• State and explain engineering project metrics such as productivity, costs and time to completion
  • Analyze the audience and create a document that meets their needs
  • Represent themselves professionally through their writing
  • Explain, discuss, and demonstrate physical apparatus
  • Integrate visual, textual and oral explanations
  • Create team-written documents using collaborative authorship tools
  • Produce documents in the styles used by professional engineers
  • Write according to style guidelines approved by mechanical engineering faculty

Menu of Grading Criteria Used in Mechanical Engineering Courses

For use by faculty in rubrics as appropriate to the assignment, and by raters in WEC rating sessions: 

  • Applies knowledge of physics, mathematics, and engineering in writing
  • Communicates methods and results from an experiment or computer simulation
  • Interprets and acts on result related to laboratories or design project
  • Visually represents technical concepts to explain their salient features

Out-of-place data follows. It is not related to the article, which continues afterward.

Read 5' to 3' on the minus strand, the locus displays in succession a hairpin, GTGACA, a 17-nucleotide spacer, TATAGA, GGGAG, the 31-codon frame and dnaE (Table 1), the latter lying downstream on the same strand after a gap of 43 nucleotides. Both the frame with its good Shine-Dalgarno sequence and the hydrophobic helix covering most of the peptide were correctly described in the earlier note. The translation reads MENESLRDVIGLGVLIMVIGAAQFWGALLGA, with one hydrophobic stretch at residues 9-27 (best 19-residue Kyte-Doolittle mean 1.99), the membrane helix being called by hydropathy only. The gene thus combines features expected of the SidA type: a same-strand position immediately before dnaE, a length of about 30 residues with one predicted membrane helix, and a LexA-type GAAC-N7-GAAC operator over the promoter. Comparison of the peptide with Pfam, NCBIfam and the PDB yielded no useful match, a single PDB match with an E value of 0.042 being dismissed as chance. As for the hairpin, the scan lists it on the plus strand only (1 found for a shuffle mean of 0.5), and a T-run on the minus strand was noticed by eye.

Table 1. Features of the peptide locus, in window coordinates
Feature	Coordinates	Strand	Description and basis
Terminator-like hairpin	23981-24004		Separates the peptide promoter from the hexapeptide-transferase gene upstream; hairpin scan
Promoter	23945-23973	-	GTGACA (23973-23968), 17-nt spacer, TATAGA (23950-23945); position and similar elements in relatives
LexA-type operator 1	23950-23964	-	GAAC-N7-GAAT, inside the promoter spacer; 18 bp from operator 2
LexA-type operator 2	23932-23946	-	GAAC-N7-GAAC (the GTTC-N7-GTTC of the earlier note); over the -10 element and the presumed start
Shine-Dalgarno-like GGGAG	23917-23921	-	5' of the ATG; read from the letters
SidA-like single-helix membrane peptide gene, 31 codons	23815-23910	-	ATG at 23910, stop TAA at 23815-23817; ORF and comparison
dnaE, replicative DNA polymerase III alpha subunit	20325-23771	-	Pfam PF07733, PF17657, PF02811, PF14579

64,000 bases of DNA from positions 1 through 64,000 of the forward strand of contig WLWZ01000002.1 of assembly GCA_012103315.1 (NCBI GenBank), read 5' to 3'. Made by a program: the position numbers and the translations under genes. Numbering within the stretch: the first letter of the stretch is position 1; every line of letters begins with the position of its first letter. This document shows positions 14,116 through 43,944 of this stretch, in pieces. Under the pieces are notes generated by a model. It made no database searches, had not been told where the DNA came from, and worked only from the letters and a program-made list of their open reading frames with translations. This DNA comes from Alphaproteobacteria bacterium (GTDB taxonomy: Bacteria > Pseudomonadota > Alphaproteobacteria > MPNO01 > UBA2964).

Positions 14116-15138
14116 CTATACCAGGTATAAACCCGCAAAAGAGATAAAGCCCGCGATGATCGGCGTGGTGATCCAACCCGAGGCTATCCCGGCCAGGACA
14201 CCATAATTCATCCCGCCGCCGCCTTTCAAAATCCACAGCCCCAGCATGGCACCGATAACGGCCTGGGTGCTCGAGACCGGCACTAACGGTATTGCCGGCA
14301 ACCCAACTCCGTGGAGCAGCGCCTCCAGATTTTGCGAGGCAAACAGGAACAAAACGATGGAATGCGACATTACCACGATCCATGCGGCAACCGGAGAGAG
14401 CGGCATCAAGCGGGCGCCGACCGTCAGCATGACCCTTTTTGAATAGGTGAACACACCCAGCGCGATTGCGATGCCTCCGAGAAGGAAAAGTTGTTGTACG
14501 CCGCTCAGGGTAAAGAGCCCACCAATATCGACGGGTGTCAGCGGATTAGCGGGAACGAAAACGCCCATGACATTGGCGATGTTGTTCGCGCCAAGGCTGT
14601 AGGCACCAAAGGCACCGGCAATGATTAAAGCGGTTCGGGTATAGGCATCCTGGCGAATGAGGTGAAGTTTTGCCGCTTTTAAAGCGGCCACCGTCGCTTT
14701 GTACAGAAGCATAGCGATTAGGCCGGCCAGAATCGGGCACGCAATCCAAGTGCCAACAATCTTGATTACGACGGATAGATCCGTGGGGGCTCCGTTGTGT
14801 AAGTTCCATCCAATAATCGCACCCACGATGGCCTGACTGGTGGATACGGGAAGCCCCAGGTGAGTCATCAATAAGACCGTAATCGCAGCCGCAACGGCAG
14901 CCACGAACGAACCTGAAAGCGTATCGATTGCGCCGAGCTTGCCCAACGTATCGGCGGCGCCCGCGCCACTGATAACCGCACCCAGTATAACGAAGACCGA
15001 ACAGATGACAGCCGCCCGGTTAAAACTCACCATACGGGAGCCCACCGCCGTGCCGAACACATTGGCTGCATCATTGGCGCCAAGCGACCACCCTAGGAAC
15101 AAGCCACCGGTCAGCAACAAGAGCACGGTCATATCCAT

• Visually represents technical designs to explain their salient features
  • Uses figures and graphs to explain concepts
  • Summarizes key points
  • Synthesizes key points
  • Demonstrates engineering project metrics such as productivity, costs and time to completion
  • Is written in ways that consistently addresses target audience
  • Writing represents author professionally
  • Explains complex concepts, results and physical apparatuses.
  • Integrates visual and textual explanations
  • Is a team-written document where all authors have contributed
  • Is written in the style used by professional engineers
  • Is written in the style of professional engineering reports and articulates the target problem
  • Is written in the style of professional engineering reports and solves a problem
  • Is written according to style guidelines in the Mechanical Engineering style guides
  • Is grammatically and mechanically correct
  • Cites sources appropriately
  • Is concise

Highlights from the Writing Plan

Motivated by their 2019 ABET review, the Mechanical Engineering Department has engaged with the WEC Legacy Project to ensure continuous improvement in technical communication skills. The department will expand its professional development offerings for faculty and instructors, ensuring that new members of the department are acculturated to the writing emphasis of the curriculum. In addition, a comprehensive review of current writing guides will both refresh the content of the style guides and emphasize writerly choices over explicit prescriptions. The Mechanical Engineering Legacy plan was approved in September 2020.